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Submit your next manuscript to MBoC, where it will be evaluated fairly and expeditiously and will have high visibility by cell biologists when published... Because MBoC exists to serve cell biologists, we are not looking for reasons to reject manuscripts... Rather, we endeavor to guide authors toward a successful outcome (manuscript acceptance) by providing objective evaluations, constructive feedback, and clarity on which improvements are required... Isn't this how the manuscript review process should work? Furthermore, because we refuse to bow down to the journal impact factor, we do not consider in our decision process how many citations a submitted manuscript is likely to attract, and we do not publish content, such as review articles, for the sole purpose of attracting citations... Moreover, topics for Features articles are selected solely for the enlightenment of our community, without any consideration for how many citations they will attract... Fine examples of such Features articles can be found in this special 2013 ASCB Annual Meeting edition... Also included in this issue are several Perspectives focused on careers... The Perspectives by Doyle and Vale, Sandquist et al., and Yu, along with several that we have published previously, provide thoughtful firsthand perspectives on diverse career paths pursued by PhD cell biologists, as well as fascinating behind-the-scenes looks at what it is actually like to hold one of these positions... This year, the ASCB's executive director Stefano Bertuzzi and I were proud to share the SPARC Innovator Award (www.sparc.arl.org/initiatives/innovator) with Mark Patterson, Bernd Pulverer, Mike Rossner, and numerous other journal publishers and editors who came together at the 2012 ASCB meeting to develop the San Francisco Declaration on Research Assessment (DORA; www.ascb.org/SFdeclaration.html)... DORA challenges the obsession of many scientists, journals, administrators, and funding agencies with journal metrics, such as the journal impact factor, and advocates for a cultural change in which research articles are assessed based on their content, rather than on where they are published... MBoC and the ASCB will be hosting a special panel discussion about DORA at the 2013 ASCB Annual Meeting.

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David G. Drubin, Editor-in-Chief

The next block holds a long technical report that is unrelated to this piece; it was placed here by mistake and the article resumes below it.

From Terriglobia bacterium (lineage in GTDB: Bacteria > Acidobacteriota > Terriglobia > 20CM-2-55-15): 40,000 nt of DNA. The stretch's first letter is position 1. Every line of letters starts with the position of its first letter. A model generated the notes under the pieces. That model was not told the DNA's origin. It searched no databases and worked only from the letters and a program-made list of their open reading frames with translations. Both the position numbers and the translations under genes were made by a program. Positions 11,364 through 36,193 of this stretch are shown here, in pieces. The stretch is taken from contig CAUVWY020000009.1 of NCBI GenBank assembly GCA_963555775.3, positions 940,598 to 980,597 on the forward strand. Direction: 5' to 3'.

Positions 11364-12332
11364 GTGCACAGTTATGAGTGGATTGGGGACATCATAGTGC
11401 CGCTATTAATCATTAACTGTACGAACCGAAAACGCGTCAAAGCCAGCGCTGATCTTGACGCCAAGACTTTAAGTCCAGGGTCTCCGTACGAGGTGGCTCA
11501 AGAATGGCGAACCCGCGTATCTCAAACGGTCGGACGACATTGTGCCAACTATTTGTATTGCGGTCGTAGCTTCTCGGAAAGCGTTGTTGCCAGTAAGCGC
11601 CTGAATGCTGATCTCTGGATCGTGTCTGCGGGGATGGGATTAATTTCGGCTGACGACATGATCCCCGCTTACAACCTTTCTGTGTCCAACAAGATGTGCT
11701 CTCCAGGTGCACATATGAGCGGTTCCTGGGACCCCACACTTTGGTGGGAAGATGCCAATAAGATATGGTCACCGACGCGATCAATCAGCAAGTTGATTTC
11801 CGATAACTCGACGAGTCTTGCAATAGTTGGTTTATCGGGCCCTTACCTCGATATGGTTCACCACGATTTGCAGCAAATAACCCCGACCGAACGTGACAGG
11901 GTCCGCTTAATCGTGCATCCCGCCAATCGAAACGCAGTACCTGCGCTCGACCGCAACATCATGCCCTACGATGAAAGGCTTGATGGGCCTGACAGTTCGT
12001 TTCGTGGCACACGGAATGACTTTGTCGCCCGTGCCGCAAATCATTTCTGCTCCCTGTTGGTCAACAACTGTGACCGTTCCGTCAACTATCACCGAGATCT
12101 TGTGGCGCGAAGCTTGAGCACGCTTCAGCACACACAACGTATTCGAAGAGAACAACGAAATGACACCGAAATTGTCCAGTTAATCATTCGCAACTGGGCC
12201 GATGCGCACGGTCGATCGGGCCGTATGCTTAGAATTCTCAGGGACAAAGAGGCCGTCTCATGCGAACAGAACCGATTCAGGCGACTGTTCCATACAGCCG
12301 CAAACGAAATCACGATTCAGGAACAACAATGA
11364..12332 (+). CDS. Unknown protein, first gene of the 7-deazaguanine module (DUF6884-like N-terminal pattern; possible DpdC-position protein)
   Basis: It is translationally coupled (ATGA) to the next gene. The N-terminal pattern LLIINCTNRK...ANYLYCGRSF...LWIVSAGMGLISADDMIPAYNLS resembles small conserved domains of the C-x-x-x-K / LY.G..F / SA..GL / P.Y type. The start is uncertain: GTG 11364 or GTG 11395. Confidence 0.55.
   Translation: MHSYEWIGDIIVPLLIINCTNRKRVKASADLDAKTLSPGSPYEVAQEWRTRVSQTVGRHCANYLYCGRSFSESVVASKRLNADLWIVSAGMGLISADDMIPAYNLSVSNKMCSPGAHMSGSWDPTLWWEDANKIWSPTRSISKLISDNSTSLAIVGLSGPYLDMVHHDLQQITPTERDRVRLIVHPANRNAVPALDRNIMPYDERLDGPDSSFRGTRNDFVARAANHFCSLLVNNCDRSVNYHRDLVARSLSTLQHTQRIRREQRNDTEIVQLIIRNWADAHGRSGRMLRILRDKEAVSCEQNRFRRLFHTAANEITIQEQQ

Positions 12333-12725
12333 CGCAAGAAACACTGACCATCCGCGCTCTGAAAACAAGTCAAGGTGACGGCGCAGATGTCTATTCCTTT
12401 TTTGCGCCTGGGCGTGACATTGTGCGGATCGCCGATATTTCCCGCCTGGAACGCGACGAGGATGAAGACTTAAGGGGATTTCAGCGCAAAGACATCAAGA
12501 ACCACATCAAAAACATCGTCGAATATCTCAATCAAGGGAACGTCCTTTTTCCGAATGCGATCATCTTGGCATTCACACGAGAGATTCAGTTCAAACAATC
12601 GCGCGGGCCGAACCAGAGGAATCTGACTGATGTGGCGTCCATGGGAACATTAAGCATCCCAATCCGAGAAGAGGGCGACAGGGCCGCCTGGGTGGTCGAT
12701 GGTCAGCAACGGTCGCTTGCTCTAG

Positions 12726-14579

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David G. Drubin, Editor-in-Chief
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Figure 1: David G. Drubin, Editor-in-Chief

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AUTOMATICALLY GENERATED EXCERPT
Please rate it.

Submit your next manuscript to MBoC, where it will be evaluated fairly and expeditiously and will have high visibility by cell biologists when published... Because MBoC exists to serve cell biologists, we are not looking for reasons to reject manuscripts... Rather, we endeavor to guide authors toward a successful outcome (manuscript acceptance) by providing objective evaluations, constructive feedback, and clarity on which improvements are required... Isn't this how the manuscript review process should work? Furthermore, because we refuse to bow down to the journal impact factor, we do not consider in our decision process how many citations a submitted manuscript is likely to attract, and we do not publish content, such as review articles, for the sole purpose of attracting citations... Moreover, topics for Features articles are selected solely for the enlightenment of our community, without any consideration for how many citations they will attract... Fine examples of such Features articles can be found in this special 2013 ASCB Annual Meeting edition... Also included in this issue are several Perspectives focused on careers... The Perspectives by Doyle and Vale, Sandquist et al., and Yu, along with several that we have published previously, provide thoughtful firsthand perspectives on diverse career paths pursued by PhD cell biologists, as well as fascinating behind-the-scenes looks at what it is actually like to hold one of these positions... This year, the ASCB's executive director Stefano Bertuzzi and I were proud to share the SPARC Innovator Award (www.sparc.arl.org/initiatives/innovator) with Mark Patterson, Bernd Pulverer, Mike Rossner, and numerous other journal publishers and editors who came together at the 2012 ASCB meeting to develop the San Francisco Declaration on Research Assessment (DORA; www.ascb.org/SFdeclaration.html)... DORA challenges the obsession of many scientists, journals, administrators, and funding agencies with journal metrics, such as the journal impact factor, and advocates for a cultural change in which research articles are assessed based on their content, rather than on where they are published... MBoC and the ASCB will be hosting a special panel discussion about DORA at the 2013 ASCB Annual Meeting.

No MeSH data available.


Related in: MedlinePlus